As M=6, FRC can at most produce 253 gray levels for a primary color, and the number of RGB colors that can be produced equals 253^{3}□1.620 millions. In contrast, an 8-bit datum has 256 gray levels, and each pixel can produce 256^{3}□1.677 million colors. Thus, when FRC is used to simulate 8-bit gray level effect with 6-bit data, about 0.6 million colors cannot be represented.

SUMMARY OF THE INVENTION
The invention is directed to a control apparatus and a method for liquid crystal display. With frame rate control (FRC) being employed with different frame cycle numbers selectively, the gray levels that cannot be achieved by FRC with smaller frame cycle numbers can now be achieved by FRC with larger frame cycle numbers. Thus, the embodiments of the invention can simulate the same number of gray levels with the original pixel data. Therefore, the number of colors that can only be achieved by data driving circuitry for a larger number of bits can be achieved by a display with data driving circuitry for a smaller number of bits, hence reducing both hardware complexity and costs.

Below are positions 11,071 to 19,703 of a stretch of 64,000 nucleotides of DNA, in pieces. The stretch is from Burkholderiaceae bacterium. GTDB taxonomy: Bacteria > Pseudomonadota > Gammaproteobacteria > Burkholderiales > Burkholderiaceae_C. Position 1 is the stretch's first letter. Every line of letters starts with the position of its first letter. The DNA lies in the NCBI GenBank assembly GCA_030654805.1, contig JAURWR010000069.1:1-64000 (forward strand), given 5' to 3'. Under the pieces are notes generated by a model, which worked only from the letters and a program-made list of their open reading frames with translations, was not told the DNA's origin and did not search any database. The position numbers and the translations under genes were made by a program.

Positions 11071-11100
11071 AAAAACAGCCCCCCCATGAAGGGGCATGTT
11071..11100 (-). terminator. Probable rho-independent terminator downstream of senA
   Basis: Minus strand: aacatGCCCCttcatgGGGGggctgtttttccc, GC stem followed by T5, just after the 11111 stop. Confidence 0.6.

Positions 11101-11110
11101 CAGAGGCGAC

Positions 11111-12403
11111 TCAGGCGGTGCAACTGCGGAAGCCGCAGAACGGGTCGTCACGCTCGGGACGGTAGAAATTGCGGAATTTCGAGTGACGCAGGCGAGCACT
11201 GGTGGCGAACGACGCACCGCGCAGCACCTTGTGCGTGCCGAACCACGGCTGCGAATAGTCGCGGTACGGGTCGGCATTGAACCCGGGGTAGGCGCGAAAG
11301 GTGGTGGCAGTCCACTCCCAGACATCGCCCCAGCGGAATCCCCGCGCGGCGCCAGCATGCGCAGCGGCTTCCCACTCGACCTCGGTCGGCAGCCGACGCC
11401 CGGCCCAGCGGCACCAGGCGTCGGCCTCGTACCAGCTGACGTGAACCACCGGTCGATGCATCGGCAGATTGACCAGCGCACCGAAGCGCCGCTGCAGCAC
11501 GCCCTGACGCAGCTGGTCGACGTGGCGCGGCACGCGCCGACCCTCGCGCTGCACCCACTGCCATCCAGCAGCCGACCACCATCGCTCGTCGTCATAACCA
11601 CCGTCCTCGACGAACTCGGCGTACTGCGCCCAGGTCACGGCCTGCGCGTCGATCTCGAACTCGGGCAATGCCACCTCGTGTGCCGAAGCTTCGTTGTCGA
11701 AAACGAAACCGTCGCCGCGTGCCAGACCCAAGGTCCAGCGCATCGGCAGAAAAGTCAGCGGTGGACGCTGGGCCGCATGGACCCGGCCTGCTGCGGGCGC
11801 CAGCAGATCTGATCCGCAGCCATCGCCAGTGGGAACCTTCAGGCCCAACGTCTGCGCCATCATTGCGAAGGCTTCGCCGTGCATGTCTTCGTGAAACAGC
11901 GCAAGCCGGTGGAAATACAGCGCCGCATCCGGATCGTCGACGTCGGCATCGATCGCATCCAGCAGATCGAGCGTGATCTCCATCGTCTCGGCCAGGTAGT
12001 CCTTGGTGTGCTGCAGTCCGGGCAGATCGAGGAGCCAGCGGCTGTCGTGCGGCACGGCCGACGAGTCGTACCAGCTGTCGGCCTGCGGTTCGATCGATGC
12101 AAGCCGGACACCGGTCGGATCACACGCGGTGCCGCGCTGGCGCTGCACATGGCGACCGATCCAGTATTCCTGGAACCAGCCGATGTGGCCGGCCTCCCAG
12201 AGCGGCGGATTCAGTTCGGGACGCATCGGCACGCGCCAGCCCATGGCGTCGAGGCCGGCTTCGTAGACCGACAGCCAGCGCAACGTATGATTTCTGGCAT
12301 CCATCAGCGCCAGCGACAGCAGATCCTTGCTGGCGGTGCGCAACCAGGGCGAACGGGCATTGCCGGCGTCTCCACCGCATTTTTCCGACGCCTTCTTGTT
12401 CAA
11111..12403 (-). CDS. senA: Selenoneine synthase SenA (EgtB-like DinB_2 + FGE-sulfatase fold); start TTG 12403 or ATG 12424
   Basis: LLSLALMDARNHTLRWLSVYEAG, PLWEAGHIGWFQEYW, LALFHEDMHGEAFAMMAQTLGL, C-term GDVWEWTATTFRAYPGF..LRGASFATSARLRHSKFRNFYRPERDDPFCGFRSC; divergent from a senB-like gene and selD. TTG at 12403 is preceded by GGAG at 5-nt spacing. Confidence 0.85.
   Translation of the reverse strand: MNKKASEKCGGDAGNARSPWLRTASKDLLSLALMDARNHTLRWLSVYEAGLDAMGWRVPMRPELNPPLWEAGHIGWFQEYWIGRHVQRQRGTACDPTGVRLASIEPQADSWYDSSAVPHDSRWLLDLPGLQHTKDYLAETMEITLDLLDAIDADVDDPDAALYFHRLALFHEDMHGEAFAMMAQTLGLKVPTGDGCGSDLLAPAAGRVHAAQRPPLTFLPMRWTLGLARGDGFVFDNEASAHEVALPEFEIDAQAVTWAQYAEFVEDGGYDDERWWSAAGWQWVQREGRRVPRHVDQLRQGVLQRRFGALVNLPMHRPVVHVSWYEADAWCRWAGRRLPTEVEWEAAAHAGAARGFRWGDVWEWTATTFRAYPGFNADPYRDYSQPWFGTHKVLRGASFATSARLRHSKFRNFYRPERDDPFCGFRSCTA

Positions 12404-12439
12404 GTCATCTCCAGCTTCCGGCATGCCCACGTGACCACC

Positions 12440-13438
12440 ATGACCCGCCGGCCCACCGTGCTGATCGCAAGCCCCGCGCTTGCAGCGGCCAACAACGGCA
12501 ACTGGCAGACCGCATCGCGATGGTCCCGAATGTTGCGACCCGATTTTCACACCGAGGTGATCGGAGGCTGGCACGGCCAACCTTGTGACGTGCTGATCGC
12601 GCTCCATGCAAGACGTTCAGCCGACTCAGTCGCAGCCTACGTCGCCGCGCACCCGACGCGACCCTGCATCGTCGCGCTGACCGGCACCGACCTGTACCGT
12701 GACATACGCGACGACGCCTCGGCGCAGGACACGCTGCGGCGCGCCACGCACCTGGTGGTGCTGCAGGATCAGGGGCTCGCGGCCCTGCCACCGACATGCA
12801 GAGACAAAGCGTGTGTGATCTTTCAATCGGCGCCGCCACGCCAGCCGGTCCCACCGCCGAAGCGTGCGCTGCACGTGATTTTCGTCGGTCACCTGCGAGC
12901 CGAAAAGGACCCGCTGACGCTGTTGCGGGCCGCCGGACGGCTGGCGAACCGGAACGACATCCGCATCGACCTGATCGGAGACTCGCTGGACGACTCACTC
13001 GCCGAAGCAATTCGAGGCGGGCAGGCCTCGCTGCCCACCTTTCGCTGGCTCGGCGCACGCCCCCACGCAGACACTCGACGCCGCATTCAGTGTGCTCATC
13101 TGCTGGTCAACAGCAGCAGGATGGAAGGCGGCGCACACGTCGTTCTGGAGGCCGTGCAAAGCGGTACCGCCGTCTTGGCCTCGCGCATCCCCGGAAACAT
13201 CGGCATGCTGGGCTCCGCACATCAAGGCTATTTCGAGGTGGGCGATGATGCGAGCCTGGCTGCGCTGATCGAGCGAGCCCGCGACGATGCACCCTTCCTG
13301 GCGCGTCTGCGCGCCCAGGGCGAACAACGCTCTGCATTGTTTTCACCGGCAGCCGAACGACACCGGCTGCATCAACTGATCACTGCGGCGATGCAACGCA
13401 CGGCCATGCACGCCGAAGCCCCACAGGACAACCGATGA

According to an aspect of the present invention, a control apparatus for liquid crystal display is provided. The control apparatus includes a conversion module and a frame rate control (FRC) unit. The conversion module is used for converting an inputted N-bit pixel datum into a first pixel datum and outputting the M most significant bits of the first pixel datum as a second pixel datum. The FRC unit performs FRC with respect to the second pixel datum selectively with one of a first frame cycle number and a second frame cycle number according to the first pixel datum so as to output corresponding FRC pixel data, wherein the second frame cycle number is greater than the first frame cycle number.